Massachusetts Legislature Procrastinates Once Again

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There are less than seven weeks left to the Massachusetts Legislature’s formal sessions with much unfinished business to attend to.  Analogizing Massachusetts legislators to students, they are waiting until the night before a 10-page paper is due to begin the assignment that was given early in the semester. While some students can thrive under that type of pressure and hand in a top-rate assignment, for most students, procrastination does not lend itself to high-quality work.  That is likely to be the outcome for this legislative session given the sheer number of meaty bills that have passed both branches in different forms and still await resolution by conference committees before the July 31st deadline.

It would be one thing if the legislature was part time and got paid a token amount, but that is not the case.  To the contrary, Massachusetts is one of only 10 states with a full-time legislature, yet we are in the minority of states that have yet to pass a FY2025 budget. 

The legislature’s unfinished work falls to a small number of legislators who are assigned to the various conference committees that must resolve differences between each branch’s version of a bill.  The chairs of the Ways and Means Committees carry the heaviest load, sitting on several of them.  This doesn’t make much sense given that, among state’s with full-time legislatures, Massachusetts has the third highest number of legislators at 200, so there are plenty of elected officials to choose from when considering conferees.  It is like relying on one student to do a group assignment.

Taking the student analogy perhaps one step too far, this is not introductory course work that students can bluff their way through. The following bills by topic show the scope of pending legislation and the serious and wide-ranging topics it addresses. 

Economic Development H.4459
FY2025 Budget  H.2
Housing Bond H.4138
IT Bond H.4242
Gun Reform  H.4139 / S.2572
Hospital Oversight and Reforms  H.4643
Prescription Drug  Pricing  S. 2520
Early Education  S.2707
Rainy Day Interest Investment H.4446 / S.2554
Salary Transparency  H.4109/ S.2484
Time Off for Voting H.4217
Parentage Equality  H.4672

Among the legislation in conference is the economic development bill that will outline the state’s strategic vision for the next couple of years. This bill will also determine what policies and multi-billion-dollar investments are necessary to make Massachusetts competitive at a time of unparalleled economic change and growing competition among the states for businesses and people. 

Also in the mix is Governor’s Healy’s top legislative priority, her Housing Bond bill that makes the largest housing investments in the state’s history to address the crisis gripping the Commonwealth. The House and Senate have both put their respective stamps on it so the final version is still to be determined.  It is important that these investments be comprehensive, well-balanced and impactful to stem the outmigration of young residents to places with lower housing costs.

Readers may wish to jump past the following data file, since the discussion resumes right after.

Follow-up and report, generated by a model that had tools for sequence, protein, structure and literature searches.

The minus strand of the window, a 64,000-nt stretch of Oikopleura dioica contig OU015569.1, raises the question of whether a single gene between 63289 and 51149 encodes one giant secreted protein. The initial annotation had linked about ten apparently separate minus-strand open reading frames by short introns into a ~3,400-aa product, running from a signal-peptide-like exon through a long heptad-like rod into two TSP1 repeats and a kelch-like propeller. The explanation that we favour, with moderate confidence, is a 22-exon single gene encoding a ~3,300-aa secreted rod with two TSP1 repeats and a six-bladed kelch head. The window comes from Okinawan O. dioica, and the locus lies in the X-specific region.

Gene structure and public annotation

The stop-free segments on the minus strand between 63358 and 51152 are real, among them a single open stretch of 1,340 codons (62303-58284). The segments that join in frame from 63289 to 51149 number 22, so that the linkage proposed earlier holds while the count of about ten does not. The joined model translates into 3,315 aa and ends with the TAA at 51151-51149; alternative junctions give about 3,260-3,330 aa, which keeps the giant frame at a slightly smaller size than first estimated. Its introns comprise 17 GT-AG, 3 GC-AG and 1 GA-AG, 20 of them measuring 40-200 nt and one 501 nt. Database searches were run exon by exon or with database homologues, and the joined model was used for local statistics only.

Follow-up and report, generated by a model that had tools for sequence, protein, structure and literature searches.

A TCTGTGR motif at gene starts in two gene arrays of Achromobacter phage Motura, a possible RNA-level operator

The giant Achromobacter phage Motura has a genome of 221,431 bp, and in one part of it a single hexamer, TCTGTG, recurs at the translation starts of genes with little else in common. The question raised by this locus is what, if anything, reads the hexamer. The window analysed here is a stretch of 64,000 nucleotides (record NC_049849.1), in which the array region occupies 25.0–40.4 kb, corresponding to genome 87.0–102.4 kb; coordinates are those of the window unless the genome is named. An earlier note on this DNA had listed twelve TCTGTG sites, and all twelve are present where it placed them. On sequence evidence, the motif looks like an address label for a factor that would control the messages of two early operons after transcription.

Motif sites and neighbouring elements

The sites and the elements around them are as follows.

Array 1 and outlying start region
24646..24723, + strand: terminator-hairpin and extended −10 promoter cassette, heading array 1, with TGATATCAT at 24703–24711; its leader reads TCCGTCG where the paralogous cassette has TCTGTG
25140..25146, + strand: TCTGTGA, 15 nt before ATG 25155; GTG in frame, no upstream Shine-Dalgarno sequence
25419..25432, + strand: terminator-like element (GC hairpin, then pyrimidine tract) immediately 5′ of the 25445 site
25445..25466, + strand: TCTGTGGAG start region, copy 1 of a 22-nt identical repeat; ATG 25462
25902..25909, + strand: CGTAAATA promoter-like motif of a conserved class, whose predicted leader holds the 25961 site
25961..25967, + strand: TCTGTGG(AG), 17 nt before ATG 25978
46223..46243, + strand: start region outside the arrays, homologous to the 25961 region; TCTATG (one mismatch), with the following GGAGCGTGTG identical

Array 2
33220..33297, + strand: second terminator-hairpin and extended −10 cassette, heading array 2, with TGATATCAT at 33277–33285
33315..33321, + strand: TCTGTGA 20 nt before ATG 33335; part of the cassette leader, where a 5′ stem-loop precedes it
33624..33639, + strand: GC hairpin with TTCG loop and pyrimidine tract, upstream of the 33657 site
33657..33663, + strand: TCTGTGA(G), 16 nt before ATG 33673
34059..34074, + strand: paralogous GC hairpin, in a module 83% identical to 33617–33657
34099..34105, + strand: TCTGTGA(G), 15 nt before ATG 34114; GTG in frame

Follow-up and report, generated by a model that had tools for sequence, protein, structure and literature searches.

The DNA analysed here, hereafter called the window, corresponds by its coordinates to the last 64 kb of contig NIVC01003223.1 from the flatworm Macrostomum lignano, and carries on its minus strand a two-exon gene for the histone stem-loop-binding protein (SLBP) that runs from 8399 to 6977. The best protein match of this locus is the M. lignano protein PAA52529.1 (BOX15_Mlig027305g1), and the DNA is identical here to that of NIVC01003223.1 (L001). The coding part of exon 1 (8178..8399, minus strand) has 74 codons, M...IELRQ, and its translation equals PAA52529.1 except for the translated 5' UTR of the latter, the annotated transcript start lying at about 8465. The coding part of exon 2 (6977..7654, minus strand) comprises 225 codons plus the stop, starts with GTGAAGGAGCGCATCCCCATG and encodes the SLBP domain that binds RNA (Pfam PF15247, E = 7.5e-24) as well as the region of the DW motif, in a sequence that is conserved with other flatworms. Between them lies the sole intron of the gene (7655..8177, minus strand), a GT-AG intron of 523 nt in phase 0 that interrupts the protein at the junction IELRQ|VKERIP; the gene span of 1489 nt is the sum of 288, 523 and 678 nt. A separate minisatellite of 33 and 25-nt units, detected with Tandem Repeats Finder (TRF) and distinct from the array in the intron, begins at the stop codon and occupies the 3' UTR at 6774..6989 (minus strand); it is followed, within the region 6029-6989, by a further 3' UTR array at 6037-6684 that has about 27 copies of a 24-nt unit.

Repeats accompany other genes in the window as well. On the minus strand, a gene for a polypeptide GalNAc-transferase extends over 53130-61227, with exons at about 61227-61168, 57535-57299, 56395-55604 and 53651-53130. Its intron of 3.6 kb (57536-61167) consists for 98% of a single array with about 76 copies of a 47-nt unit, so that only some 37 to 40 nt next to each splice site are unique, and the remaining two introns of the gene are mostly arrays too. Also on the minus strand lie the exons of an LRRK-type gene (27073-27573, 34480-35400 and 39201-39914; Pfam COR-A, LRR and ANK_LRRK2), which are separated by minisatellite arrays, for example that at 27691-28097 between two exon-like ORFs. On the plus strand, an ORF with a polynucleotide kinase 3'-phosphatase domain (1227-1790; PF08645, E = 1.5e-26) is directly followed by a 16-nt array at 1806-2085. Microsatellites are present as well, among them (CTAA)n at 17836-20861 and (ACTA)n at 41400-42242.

Addressing the high cost of child care and health insurance, the other two top problems fueling outmigration, must also be resolved.  Both pose challenges.  The state is making sizable new investments in child care at a time of tax revenue uncertainty, so ensuring that the money is put to its best use is critical, as will be figuring out the funding stream to pay for it in future years.  The size of the healthcare sector in Massachusetts requires that the solutions being proposed are the right ones, because they will have an outsized impact on taxpayers, employees and employers in addition to patients and providers.  The same is true for the prescription drug pricing bill, given the growing amount of the health insurance premiums devoted to pharmaceuticals and the importance of the pharmaceutical and life science sectors to the state’s economy.  

Making sure that the Massachusetts state government can operate efficiently, securely and with good data requires investing in the state’s technology, yet another issue that must be addressed. There are also several legislative proposals dealing with social issues ranging from gun reform to salary transparency.  One pending bill that seems unnecessary requires employers to provide paid time off to vote at a time when voting has never been so convenient given mail-in, absentee and early voting options.  

Finally, the state must decide whether interest earned on the state’s Rainy Day Fund should be used for operating expenses or put back into the trust fund to grow its balance.  

That is a lot of work to save for the end of the session, particularly when the rest of the session’s workload has been light.  According to The Boston Globe, it’s the slowest start to a legislative session in at least 40 years. While the grade for this legislative session is still incomplete, it may be time to require the legislature to take a time management course so that next year they get better results by adopting a steadier pace and spreading the work out over the entire term.